Belabored Podcast, Episode 2: “The neoliberal era is over.”

Belabored Podcast, Episode 2: “The neoliberal era is over.”

Belabored interviews the BBC’s Paul Mason and talks minimum wage, maximum subsidies, the expansion of Working America, the end of the American Crystal Sugar lockout, the beginning of a strike at “Fashion Police,” and the role of guestworkers in the immigration debate.


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This Week in Labor

Minimum wage, maximum subsidies, the expansion of Working America, the end of the American Crystal Sugar lockout and the beginning of a strike at “Fashion Police.” And we take a closer look at the role of guestworkers in the immigration debate, and recent guestworker organizing.

“The neoliberal era is over”: an interview with Paul Mason

As the economics editor of BBC Newsnight, Paul Mason has been front and center for the collapse of the global financial system and the wrenching austerity policies that have been imposed across Europe in its wake. His latest book, now in a revised edition, Why It’s Still Kicking Off Everywhere, looks at the global revolutions and movements that started in 2011; his previous book, Live Working or Die Fighting, draws on hundreds of years of labor history to examine today’s global labor movements. We spoke to Mason shortly after the death of former UK prime minister Margaret Thatcher about the role of labor in Europe’s fight against austerity. Excerpts from his answers are below.

On Thatcher:

Those of us who lived through it are very keen to stress that the number one priority for Margaret Thatcher was defeating the labor movement.

Those of us who lived through it, and I did live through it, are very keen to stress that the number one priority for Margaret Thatcher was defeating the labor movement. The power of organized labor in Europe and above all the UK was very strong in the 1970s. Thatcher assumed that once organized labor was defeated, lots of other things could be done. The restructuring of UK society, business, politics even, and ultimately the restructuring of the Labour party as a pro-neoliberal party, all of these things followed from the defeat of the trade unions, so she prioritized defeating the trade unions, executed a strategy very carefully, and almost like sort of incrementally. For me and for those of us who lived through that time, that is what Thatcher’s legacy was, it is the defeat of organized labor. And I mean strategic defeat, we’re not talking about the old strike defeated, we’re talking about a whole demographic of working-class people, who lived their lives through the labor movement, who had some ideals, saw those ideals if not capable of being fully realized, those ideals sustained them, they sustained a political project. All that went, with Thatcher, with the defeat of the miners, the printers, and ultimately then the collapse of union membership.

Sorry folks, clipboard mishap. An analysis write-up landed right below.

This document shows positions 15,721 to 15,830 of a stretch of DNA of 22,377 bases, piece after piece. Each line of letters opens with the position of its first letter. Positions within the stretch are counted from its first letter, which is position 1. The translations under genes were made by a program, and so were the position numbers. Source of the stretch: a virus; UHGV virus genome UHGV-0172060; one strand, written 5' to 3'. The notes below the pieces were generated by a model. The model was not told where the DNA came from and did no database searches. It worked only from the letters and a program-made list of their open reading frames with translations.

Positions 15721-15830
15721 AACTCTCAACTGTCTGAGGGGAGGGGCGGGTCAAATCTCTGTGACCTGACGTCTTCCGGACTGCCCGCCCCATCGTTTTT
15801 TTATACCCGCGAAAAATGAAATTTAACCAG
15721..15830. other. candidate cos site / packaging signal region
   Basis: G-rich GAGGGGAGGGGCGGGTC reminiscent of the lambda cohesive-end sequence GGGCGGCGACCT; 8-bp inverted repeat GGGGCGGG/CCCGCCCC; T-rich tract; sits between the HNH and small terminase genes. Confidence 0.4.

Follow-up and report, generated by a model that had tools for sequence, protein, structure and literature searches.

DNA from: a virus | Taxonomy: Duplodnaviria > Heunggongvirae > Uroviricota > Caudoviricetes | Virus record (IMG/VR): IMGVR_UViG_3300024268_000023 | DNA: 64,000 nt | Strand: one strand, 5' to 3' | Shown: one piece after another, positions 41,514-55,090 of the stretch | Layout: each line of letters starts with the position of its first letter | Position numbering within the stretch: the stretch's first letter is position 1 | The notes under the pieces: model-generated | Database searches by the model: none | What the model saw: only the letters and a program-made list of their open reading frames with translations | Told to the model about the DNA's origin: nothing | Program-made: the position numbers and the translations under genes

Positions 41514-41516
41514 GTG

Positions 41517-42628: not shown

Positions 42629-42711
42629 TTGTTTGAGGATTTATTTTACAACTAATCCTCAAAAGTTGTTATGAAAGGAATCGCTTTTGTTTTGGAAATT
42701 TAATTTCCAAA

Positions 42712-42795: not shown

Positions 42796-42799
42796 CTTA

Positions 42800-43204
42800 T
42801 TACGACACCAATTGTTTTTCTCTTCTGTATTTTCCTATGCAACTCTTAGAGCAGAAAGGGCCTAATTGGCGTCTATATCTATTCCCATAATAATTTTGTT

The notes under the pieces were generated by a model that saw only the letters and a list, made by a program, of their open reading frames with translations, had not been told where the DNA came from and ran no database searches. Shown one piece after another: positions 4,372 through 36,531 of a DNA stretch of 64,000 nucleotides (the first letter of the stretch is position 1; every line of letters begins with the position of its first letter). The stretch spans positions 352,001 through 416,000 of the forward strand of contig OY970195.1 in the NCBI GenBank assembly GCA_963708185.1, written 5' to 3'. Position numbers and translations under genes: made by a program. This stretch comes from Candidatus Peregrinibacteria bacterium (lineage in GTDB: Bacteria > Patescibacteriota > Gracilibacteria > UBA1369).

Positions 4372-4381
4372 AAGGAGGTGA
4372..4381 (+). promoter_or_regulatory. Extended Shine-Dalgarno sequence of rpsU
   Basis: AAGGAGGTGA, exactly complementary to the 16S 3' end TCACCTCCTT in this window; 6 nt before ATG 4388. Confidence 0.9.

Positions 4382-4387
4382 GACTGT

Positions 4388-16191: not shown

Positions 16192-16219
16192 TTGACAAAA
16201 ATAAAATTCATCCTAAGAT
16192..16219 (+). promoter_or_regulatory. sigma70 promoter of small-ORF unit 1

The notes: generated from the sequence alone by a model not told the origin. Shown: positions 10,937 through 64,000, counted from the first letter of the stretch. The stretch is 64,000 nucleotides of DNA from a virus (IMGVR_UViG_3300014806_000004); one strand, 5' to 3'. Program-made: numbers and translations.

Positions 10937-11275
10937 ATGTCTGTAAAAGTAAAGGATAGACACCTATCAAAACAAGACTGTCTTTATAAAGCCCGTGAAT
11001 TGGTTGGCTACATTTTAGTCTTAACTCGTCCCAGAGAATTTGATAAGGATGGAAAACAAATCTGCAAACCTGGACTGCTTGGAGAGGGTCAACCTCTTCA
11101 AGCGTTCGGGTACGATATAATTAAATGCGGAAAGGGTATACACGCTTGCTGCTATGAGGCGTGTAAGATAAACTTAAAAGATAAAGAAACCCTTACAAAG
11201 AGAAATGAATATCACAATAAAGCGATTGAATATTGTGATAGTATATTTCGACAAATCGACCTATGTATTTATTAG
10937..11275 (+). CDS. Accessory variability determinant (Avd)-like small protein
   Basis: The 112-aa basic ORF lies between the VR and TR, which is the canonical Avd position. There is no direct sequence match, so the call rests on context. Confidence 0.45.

On the end of the neoliberal era:

For me the starting point of the book I’ve written is that the neoliberal era is over. That the whole last twenty years, the twenty years in the run-up to Lehman Brothers, turns out to have been built on a fault line, and that fault line was globalization of production, the downward pressure on wages in the west, leading to the stagnation of actual wages, and so where did demand come from, where did growth come from? It turns out it came from credit, and much of it therefore was fiction. There’s no going back to that model.

If we then ask, what is the alternative to neoliberalism? That’s where the contradiction lies. The future is waiting to be born, as it were, but it’s not there. The social movements in southern Europe that have resisted austerity don’t have a coherent alternative.

On labor’s role in fighting austerity:

In each of the countries, the relationship between the occupation-of-space movements and the labor movement is different. So in Spain, you have a very strong Communist left. They’ve got about 10, 15, 20 percent, depending on where you are, of electoral support, the main union is Communist, CCOO, many young people have grown up in a kind of Communist tradition. So the Indignados were much wider than that. They obviously included what they include everywhere, which is anarchists and autonomists. But it’s also fair to say that the Indignados drew in a lot of middle-class young people into a sort of verbally anticapitalist type of protest, but who didn’t have a major labor movement orientation.

“You know what those sticks are for? They’re to beat the anarchists.”

In Greece it was different. The unions have been absolutely front and center in resisting the austerity since it started. The union movement there, there’s a Communist-allied union federation but there are two big federations that are traditionally allied to PASOC, the Social Democratic party. Those union federations remain very militant in their opposition to austerity, but I’ve stood on Syntagma Square so many times and seen the following process: There’s at the front the sort of protesters, whether it be anarchist, autonomist, far-left, Syriza…and then the unions just march past them on the other side of the square, even as the riot’s going on. The Communist unions are armed literally with sticks two inches thick, which are banner poles, and crash helmets, and they link arms, and there’s very beefy young men at the front…I’m talking hundreds of people thus attired. My Greek journalist colleague said “You know what those sticks are for? They’re to beat the anarchists. They’re to stop the anarchists from coming anywhere near this contingent.” And that’s true. The only time I’ve ever seen them used is when they fought each other….